In light of the last post, George pointed me to this article in The Boston Globe by Michael Fitzgerald. The article is entitled Satan, the great motivator: The curious economic effects of religion.
The article discusses recent research linking religious belief with economic effectiveness. A particular focus in the article is on a recent research that showed that belief in hell to be predictive of economic success:
What makes economies grow? It’s a question that has occupied thinkers for centuries. Most of us would tick off things like education levels, openness to trade, natural resources, and political systems.Why would there be a relationship between hell and economic success?
Here’s one you might not have considered: hell.
A pair of Harvard researchers recently examined 40 years of data from dozens of countries, trying to sort out the economic impact of religious beliefs or practices. They found that religion has a measurable effect on developing economies - and the most powerful influence relates to how strongly people believe in hell.
Hell is, at root, a behavioral regulator. The fear of hell keeps people on the straight and narrow. When this fear is coupled with a conflation of virtue and work--the Protestant Work ethic--you have a powerful cocktail, fear aiding capitalistic productivity. Fearing hell we strive to be a good person and this means, in America today, working hard, being punctual, and forming the "seven habits" that make us "highly effective."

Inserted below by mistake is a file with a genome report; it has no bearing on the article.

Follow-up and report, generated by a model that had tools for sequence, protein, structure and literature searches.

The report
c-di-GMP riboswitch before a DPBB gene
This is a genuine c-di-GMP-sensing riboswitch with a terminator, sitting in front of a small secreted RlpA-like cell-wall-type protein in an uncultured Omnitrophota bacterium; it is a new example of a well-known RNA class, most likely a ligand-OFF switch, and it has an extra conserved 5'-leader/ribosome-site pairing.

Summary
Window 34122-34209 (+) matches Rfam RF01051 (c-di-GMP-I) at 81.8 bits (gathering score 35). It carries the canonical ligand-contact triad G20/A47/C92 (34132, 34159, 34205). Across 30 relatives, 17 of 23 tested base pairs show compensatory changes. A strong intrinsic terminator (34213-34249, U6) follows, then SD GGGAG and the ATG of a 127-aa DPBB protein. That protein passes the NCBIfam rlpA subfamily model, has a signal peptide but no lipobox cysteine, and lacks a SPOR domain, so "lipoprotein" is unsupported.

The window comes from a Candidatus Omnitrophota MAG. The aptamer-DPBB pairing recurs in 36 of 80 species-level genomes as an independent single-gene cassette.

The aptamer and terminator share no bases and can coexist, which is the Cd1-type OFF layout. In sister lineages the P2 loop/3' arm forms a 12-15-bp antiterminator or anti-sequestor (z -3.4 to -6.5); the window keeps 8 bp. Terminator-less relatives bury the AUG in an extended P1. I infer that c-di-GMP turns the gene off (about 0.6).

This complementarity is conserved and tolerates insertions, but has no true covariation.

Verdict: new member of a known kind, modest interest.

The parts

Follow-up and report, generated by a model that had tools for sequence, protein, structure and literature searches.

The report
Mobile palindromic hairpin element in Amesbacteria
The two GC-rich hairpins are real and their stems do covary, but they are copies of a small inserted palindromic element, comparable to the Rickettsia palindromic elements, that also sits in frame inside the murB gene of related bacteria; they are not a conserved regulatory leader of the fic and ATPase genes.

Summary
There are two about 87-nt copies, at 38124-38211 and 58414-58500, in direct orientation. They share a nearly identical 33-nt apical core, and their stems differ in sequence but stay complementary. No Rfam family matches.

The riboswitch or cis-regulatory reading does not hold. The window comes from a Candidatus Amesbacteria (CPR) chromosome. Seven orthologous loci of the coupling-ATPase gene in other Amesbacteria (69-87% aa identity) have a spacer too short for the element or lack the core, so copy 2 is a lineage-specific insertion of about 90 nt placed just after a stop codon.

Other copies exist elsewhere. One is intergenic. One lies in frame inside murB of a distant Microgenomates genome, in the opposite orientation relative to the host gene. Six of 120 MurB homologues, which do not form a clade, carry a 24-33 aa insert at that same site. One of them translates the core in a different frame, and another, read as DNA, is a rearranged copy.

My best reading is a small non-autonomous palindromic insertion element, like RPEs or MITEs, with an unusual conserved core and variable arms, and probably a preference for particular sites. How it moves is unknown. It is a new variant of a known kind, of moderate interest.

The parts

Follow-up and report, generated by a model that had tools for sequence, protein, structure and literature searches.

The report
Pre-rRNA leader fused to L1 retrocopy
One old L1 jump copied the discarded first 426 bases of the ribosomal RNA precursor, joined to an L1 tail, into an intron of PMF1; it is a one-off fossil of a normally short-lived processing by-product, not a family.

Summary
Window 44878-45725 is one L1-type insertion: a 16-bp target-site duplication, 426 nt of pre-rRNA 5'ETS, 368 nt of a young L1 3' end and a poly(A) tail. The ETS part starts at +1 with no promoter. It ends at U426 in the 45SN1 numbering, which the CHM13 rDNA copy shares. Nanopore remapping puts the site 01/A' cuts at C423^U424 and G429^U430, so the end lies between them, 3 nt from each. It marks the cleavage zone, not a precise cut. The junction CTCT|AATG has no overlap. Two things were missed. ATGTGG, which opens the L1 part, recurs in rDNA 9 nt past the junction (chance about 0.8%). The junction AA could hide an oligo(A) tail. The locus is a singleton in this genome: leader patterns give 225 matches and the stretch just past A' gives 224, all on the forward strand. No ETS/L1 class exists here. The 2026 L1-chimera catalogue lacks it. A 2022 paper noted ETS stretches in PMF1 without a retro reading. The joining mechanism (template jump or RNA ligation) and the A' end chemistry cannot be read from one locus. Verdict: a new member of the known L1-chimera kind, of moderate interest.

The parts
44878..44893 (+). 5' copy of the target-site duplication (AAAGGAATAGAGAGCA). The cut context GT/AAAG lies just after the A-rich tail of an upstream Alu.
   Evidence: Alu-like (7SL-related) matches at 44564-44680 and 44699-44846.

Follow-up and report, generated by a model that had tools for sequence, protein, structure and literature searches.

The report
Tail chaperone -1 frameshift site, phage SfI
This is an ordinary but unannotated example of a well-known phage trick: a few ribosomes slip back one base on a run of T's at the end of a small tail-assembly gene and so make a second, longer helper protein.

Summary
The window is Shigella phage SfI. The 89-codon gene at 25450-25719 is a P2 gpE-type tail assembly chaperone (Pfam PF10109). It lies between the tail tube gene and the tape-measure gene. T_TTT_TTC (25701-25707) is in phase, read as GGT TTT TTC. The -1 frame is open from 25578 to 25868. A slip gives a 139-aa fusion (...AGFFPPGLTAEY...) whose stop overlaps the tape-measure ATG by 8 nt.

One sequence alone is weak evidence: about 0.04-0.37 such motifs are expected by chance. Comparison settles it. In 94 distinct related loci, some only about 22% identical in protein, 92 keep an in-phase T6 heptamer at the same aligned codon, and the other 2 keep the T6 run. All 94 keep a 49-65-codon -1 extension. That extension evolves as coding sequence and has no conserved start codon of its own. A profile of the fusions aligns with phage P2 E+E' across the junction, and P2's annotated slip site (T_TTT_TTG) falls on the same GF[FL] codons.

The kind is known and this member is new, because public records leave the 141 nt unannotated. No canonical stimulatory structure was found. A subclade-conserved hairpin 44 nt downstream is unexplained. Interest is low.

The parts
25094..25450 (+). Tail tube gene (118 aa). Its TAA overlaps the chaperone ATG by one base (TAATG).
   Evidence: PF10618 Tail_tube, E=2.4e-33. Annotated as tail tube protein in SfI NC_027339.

The article also points to another link between hell and work ethic. Specifically, we want our kids to internalize the faith but we don't want them to become so religious that they hurt the economy. From the article:
Most strikingly, if belief in hell jumps up sharply while actual church attendance stays flat, it correlates with economic growth. Belief in heaven also has a similar effect, though less pronounced. Mere belief in God has no effect one way or the other. Meanwhile, if church attendance actually rises, it slows growth in developing economies.In short, it seems that belief in hell is nicely portable. Hell regulates behavior outside of the church building and helps to keep us at work.